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Yes We Can ...: Happiness Levels Can Change, But Most Recent Changes Are in the Wrong Direction

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  • Bruce Headey

Abstract

Influential economists, like Bruno S. Frey and Richard Layard, are advocating that the standard approach in economics of inferring utility from changes in consumption and leisure should be augmented or replaced by use of subjective measures. But psychologists claim that adult life satisfaction (or happiness) is more or less fixed; it has a "set-point" which is largely determined by genetic factors and early childhood development. Analyses of life-span data, collected by the German Socio-Economic Panel Study (SOEP) in the last 20 years, challenge this claim. About a quarter of the West German population experienced substantial changes in life satisfaction, but losses outweighed gains by a ratio of about 3:1. It is likely that a major reason for the negative balance is relatively poor economic performance since the early 1990s. On the other hand, the results show that the "set-point theory" of psychologists is seriously flawed. Life satisfaction can change and may be open to improvement via individual life choices and/or public policy.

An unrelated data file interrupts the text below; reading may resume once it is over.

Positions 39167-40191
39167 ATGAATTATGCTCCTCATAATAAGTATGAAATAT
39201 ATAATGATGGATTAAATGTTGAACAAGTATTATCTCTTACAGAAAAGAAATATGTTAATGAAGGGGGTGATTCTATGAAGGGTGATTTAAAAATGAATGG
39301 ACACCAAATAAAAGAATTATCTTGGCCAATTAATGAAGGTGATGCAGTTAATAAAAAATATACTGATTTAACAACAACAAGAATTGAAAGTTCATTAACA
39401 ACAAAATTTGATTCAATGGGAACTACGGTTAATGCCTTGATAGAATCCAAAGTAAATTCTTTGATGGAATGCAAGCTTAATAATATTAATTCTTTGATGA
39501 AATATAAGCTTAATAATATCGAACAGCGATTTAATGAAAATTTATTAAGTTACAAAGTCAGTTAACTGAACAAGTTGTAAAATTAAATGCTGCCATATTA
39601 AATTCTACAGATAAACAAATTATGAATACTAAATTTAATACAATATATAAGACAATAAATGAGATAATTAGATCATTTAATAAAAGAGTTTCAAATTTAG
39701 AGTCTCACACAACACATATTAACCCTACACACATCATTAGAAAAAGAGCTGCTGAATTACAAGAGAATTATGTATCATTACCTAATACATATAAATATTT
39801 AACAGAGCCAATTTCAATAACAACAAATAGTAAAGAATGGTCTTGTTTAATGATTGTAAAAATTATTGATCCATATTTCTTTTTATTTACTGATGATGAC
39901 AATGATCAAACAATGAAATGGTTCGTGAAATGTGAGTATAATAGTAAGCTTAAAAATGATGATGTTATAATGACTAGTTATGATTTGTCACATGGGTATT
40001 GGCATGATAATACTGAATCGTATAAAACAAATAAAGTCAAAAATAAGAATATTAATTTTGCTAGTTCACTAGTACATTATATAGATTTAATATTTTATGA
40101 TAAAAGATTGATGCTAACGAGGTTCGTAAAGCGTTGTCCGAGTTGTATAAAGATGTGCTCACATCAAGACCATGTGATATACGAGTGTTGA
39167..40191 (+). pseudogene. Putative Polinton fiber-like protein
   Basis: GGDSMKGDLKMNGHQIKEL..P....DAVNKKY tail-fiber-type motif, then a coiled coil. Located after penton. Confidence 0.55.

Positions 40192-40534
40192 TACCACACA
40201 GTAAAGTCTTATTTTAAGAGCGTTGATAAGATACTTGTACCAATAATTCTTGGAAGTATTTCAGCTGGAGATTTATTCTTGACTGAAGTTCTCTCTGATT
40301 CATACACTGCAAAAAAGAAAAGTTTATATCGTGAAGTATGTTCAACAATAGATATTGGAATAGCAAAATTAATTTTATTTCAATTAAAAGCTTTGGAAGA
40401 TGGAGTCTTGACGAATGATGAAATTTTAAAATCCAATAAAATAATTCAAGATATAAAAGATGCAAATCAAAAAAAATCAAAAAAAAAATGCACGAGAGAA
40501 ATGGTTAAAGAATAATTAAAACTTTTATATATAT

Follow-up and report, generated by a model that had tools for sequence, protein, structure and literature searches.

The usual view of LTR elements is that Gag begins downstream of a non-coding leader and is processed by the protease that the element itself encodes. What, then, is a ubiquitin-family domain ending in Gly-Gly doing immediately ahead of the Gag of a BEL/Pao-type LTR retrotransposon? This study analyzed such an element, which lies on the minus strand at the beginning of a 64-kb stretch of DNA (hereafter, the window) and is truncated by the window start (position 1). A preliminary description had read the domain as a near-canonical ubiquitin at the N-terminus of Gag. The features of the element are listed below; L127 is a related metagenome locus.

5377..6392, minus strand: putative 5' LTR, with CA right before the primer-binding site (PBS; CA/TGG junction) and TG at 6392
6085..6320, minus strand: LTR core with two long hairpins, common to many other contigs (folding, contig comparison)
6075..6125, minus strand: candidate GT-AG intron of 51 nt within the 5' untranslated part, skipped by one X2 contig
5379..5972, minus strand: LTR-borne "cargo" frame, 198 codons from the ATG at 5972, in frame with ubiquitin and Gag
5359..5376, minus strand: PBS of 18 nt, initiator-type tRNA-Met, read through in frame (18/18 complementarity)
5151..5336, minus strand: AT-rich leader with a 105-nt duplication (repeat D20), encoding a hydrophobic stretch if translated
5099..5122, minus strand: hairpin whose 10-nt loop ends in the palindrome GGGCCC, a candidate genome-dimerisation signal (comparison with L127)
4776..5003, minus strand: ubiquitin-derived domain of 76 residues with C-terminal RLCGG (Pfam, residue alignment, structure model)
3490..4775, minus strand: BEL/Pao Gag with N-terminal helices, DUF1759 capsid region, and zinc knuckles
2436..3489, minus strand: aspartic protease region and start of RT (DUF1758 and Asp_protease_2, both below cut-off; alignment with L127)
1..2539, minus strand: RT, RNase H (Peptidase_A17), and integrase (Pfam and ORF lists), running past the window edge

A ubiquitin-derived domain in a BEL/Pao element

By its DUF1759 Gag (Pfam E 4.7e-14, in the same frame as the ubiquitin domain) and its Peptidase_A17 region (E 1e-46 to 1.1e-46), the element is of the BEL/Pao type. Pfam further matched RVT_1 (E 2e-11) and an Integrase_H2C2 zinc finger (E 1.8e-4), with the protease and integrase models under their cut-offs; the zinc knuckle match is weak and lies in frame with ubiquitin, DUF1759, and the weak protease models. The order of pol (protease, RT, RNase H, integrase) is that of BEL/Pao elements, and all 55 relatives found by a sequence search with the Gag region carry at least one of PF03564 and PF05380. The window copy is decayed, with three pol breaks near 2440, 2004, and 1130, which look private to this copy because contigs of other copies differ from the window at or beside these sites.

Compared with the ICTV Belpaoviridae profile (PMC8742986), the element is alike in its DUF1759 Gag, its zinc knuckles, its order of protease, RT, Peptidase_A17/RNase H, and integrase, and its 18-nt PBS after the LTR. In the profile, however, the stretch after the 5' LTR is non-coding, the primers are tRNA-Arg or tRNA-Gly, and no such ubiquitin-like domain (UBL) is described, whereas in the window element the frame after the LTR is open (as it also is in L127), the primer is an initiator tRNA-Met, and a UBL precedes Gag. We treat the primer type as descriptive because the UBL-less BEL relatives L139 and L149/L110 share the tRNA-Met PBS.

Suggested Citation

  • Bruce Headey, 2009. "Yes We Can ...: Happiness Levels Can Change, But Most Recent Changes Are in the Wrong Direction," Weekly Report, DIW Berlin, German Institute for Economic Research, vol. 5(4), pages 26-30.
  • Handle: RePEc:diw:diwwrp:wr5-4
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